Postcolonial boundaries, international law, and the making of the Rohingya crisis in Myanmar

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The development of post-colonial states through the operation of the uti possidetis principle in international law is intrinsically connected to the suppression of ethnic minorities and the ensuing humanitarian catastrophes in these states. With the continuation of colonial boundaries in post-colonial states due to the uti possidetis principle, international law facilitates many of these catastrophes. Accordingly, through exploring the questionable legal status of the uti possidetis principle and the fallacy of its conflict-preventing potential, I argue that uti possidetis itself is a key problem. The continuation of arbitrarily drawn colonial boundaries undermines the legitimate right to self-determination of numerous ethnic minorities. This paper specifically explores the application of uti possidetis to Myanmar and how it contributed to the Rohingya crisis. In the process, the paper also highlights the inherent relationship between colonialism and international law and how it has shaped the development of post-colonial states.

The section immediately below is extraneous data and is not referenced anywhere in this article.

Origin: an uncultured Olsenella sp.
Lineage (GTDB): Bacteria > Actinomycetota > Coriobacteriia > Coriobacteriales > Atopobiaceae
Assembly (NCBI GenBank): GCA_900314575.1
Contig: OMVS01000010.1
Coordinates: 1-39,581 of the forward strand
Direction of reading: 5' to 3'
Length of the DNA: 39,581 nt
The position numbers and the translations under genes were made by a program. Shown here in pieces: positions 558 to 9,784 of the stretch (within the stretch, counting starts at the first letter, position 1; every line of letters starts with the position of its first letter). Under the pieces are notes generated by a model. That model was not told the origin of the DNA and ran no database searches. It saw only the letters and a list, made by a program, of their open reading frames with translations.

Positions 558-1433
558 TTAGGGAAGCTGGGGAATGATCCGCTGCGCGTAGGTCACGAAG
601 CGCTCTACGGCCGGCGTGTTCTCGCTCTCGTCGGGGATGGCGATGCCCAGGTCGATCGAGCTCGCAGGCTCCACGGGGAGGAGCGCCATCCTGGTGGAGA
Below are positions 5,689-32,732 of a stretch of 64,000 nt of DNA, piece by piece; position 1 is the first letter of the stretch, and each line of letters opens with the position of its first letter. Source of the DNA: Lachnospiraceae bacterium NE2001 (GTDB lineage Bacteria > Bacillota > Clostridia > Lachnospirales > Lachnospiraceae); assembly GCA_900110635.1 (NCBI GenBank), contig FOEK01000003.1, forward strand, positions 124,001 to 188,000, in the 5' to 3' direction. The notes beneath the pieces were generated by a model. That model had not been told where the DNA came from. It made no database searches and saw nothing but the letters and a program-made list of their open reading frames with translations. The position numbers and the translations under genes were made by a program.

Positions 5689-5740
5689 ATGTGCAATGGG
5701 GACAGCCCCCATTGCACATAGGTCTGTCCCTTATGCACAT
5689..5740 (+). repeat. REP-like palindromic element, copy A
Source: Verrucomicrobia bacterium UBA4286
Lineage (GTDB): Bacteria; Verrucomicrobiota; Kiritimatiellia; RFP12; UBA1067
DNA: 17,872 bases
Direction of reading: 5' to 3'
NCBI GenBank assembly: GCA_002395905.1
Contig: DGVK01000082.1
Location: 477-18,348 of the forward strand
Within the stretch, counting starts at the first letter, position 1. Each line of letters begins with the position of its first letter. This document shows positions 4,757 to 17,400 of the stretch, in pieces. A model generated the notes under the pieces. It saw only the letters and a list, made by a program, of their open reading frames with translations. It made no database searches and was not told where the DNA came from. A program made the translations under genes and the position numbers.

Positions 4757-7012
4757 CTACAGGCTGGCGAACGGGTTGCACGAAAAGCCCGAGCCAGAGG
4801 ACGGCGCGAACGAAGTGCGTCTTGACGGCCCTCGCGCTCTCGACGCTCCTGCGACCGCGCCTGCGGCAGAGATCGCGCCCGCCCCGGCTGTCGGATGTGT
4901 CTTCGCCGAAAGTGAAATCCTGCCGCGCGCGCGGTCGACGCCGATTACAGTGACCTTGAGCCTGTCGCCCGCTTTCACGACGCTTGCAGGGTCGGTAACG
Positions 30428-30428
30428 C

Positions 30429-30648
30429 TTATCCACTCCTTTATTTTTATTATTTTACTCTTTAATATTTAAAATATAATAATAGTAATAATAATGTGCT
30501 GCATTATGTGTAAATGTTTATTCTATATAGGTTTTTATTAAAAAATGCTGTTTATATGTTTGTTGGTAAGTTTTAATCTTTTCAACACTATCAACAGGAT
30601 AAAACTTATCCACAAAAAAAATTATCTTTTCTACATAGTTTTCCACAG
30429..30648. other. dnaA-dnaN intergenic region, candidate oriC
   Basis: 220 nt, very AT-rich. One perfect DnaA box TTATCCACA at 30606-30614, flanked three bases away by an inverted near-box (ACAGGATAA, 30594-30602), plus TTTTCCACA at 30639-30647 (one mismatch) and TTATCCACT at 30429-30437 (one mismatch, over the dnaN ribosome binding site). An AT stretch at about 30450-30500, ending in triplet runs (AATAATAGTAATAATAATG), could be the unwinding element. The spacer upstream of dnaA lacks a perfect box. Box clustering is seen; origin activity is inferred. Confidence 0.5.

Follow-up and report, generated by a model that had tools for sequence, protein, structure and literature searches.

Original languageEnglish
Pages (from-to)334-358
Number of pages25
JournalAsian Journal of International Law
Issue number2
Early online date6 Jun 2019
Publication statusPublished - 1 Jul 2019

ASJC Scopus subject areas

  • Law


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